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  1. ITV Report

Memories of Silloth Airfield, and the young pilots who lost their lives

Armourers at Silloth Airfield. Photo: Pamela Coates

The Second World War brought thousands of people to a quiet, rural community on the Cumbrian side of the Solway.

Silloth Airfield opened in 1939, as a training ground for pilots from throughout the Allied countries, who were to fight in the War.

A memorial at the site of the Airfield.

This had a huge impact on the nearby community of Silloth, and many local people took up jobs at the Airfield.

They were able to meet pilots from all around the world, many of whom made a big impression on the locals.

Jan Vella was a Czechoslovakian airman, who arrived there in 1941.

He was so popular, crews at the airfield presented him with a gold watch, that they had bought from Carlisle.

Jan Vella Credit: Pavel Vencata

But the airfield also brought many tragic stories to the area.

Most of the airmen who trained there were young, inexperienced flyers, and many of them died in air accidents, particularly when taking off from, or approaching, the airfield.

Solway Bay

The Solway Bay between Cumbria and Dumfries came to be known as Hudson Bay, because so many Lockheed Hudson aircraft crashed there, sinking into the sand, or beneath the waves.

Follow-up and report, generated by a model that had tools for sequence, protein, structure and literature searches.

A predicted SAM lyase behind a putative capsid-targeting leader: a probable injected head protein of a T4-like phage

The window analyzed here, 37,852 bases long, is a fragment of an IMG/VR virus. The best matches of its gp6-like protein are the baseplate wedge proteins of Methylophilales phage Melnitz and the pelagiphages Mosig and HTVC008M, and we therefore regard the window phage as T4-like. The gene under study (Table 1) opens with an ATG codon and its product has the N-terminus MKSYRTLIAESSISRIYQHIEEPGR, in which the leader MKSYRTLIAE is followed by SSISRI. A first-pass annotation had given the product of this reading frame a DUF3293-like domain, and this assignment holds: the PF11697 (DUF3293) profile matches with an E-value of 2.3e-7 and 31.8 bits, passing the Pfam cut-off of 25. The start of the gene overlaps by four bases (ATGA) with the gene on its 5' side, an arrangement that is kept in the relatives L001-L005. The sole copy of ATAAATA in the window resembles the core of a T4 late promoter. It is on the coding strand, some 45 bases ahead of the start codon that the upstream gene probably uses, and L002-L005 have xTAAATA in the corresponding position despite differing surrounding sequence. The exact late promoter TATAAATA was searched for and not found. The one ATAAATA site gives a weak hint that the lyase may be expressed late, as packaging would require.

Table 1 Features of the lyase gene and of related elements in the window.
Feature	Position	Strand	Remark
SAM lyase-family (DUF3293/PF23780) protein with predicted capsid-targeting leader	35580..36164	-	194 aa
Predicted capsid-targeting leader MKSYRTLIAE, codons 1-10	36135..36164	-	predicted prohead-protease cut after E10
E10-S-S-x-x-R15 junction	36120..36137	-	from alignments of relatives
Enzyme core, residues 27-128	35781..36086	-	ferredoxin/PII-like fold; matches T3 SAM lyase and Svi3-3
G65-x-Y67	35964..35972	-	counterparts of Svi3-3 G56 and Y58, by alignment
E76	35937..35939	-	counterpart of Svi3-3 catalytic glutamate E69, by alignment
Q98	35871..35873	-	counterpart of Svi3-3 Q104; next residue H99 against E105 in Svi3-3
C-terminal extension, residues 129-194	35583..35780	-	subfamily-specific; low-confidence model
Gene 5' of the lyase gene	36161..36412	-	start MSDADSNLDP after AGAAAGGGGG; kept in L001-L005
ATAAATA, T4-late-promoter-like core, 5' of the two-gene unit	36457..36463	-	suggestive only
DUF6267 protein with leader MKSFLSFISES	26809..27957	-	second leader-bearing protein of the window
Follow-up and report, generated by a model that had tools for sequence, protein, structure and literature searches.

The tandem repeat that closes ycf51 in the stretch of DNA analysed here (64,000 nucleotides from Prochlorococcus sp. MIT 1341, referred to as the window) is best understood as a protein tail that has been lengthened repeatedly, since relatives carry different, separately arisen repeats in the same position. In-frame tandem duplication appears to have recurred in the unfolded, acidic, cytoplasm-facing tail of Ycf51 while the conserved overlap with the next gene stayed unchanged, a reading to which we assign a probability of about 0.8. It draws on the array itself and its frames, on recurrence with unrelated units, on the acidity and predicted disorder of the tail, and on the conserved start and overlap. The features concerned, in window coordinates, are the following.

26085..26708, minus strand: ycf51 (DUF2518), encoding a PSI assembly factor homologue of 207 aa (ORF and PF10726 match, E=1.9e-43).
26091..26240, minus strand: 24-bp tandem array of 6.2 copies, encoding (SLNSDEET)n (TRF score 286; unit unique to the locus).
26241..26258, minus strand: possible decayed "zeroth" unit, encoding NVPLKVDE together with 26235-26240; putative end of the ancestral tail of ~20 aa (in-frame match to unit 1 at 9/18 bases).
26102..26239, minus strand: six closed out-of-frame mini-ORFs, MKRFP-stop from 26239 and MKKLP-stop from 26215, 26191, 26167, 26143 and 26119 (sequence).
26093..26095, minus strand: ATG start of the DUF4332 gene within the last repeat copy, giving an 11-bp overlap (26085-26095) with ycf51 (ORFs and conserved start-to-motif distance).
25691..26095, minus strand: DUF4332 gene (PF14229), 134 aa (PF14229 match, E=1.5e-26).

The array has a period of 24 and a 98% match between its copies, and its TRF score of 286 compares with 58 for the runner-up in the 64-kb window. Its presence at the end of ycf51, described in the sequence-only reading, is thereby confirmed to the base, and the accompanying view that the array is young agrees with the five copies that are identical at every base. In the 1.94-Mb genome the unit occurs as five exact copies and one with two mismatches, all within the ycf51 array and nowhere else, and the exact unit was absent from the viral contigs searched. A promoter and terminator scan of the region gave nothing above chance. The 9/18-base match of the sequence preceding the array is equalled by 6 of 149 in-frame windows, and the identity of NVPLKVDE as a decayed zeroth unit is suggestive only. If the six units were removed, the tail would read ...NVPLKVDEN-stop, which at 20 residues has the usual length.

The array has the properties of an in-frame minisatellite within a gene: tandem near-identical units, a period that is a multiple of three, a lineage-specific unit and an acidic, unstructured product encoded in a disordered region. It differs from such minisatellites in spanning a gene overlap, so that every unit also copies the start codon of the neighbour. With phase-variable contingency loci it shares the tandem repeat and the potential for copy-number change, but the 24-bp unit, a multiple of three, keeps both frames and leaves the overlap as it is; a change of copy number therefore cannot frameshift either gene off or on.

It's estimated that as many as 90 may have crashed there, and many of the bodies were never recovered.

Lawrence Marshall

Lawrence Marshall was just a boy when Silloth Airfield was built, but he still remembers the moment a plane crashed close to him:

I witnessed one in particular, a Lockheed Hudson crashed, in 1943, and the crew of four lost their lives.

A friend of mine contacted the family in Canada, and we had a very moving experience stood beside the grave.

I had never met the man, but I had witnessed his last moments."

– Lawrence Marshall

Just yards from the Airfield rests the Causewayhead Cemetery, where some of the people who lost their lives, including the Canadian pilot whose plane Lawrence saw crash, are buried.

Most of the Commonwealth graves there have the names of young men, in their twenties, inscribed on them.

Lawrence saw the pilot crash to his death.

Now, the Silloth Tourism Action Group is using a grant of £9,600, from the Heritage Lottery Fund, to collect archive material including photographs, recordings and stories.

They want to ensure the legacy of Silloth Airfield is never forgotten.

Silloth Airfield today.

You can find out more about Silloth Airfield, and the men, women and children who called it home, on the group's website.

The work they have collated so far will be on display at Solway Community Technology College, on 24 April, at an event to celebrate the Silloth Airfield Project.

They are hoping the work they've done so far will inspire more people to come forward with their stories, and they're hoping to open a museum in Silloth, in the future.

I would like to think we've kick started further interest in developing, perhaps, a museum in Silloth.

I think it's really important to keep these memories alive, because these people were honourable people. They were ordinary men and women, who did very brave things."

– Anna Malina, Silloth Tourism Action Group